Monica Lewinsky Speaks Candidly About Bill Clinton Affair and Joins Twitter, Amassing 35K Followers in 8 Hours

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Monica Lewinsky, the woman best known for an infamous affair with President Bill Clinton, spoke candidly Monday about the aftermath of the scandal.

Lewinsky, 41, spoke about the affair with Clinton at the Forbes Under 30 Summit in Philadelphia, including the blow the scandal caused to her self-esteem.

"Frankly, I came close to disintegrating. No, it's not too strong a word. I wish it were, but it isn't," said Lewinsky, tearfully. "A relentless mantra in my head: I want to die."

She recalled how her life turned upside-down after news of the affair broke.

"Overnight, I went from being a completely private figure, to a publicly humiliated one. I was 'patient zero' – the first person to have their reputation completely destroyed worldwide via the Internet."

According to Lewinsky, who now works on behalf of victims of online humiliation and harassment, she had to construct a separate mental reality to cope with the public display of her private life.

"During this period, I gradually came to realize that there were two Monica Lewinskys ... There was me, and there was public Monica Lewinsky," she said. "A somewhat curious character, constructed by political factions and the media. Constructed with a little fact, and a lot of fiction. My friends didn't know that Monica. My family didn't know that Monica. And this Monica, the real Monica standing here today, didn't know her either."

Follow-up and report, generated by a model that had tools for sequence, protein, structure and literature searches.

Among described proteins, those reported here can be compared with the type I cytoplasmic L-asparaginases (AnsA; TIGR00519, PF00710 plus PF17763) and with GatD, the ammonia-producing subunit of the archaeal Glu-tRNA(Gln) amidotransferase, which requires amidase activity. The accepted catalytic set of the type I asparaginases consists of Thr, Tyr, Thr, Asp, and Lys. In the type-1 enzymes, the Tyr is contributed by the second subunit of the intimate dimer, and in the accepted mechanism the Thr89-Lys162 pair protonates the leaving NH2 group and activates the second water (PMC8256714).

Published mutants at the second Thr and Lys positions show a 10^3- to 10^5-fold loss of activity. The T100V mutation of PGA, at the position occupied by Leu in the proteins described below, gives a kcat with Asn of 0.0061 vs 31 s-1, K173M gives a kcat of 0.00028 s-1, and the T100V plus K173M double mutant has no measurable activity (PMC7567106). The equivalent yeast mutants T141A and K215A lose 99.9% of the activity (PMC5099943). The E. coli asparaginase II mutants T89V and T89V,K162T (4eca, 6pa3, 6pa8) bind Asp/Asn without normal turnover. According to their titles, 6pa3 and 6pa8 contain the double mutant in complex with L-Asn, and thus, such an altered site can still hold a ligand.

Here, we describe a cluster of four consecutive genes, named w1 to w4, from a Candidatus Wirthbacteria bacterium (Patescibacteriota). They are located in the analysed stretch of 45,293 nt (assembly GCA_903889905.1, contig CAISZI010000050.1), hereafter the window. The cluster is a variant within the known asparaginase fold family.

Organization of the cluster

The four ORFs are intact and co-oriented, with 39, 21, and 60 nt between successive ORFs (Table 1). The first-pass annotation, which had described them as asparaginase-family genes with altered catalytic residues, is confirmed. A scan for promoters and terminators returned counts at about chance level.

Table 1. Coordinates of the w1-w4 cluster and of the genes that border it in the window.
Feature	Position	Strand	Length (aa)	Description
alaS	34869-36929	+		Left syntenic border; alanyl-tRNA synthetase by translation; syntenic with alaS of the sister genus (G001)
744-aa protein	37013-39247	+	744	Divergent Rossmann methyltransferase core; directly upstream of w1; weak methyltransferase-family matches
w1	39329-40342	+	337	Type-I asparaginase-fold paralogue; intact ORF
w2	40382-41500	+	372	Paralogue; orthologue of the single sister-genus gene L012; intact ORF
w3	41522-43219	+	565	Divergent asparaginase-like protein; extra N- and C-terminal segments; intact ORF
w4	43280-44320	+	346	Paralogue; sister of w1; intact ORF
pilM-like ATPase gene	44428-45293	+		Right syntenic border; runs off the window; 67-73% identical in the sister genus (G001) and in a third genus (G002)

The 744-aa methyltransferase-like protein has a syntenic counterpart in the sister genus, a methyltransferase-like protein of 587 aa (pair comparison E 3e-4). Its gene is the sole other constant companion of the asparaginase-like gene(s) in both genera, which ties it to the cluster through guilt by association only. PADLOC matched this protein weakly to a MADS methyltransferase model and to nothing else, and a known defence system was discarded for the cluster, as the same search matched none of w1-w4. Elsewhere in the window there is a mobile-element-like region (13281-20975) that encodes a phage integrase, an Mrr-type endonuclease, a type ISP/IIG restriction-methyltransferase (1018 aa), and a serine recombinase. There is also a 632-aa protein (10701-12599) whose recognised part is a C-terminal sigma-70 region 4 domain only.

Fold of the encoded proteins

Lewinsky — who joined Twitter on Monday and amassed more than 35,000 followers in the first eight hours — first broke her decade-long silence about the affair in May, when she wrote an article in Vanity Fair, in which she said, "It's time to burn the beret and bury the blue dress."

She detailed the days leading up to and following the scandal, and expressed some self-forgiving over her mistakes.

"I fell in love with my boss," she confessed. "In a 22-year-old sort of way, it happens. But my boss was the president of the United States. That probably happens less often."

Pam Wright

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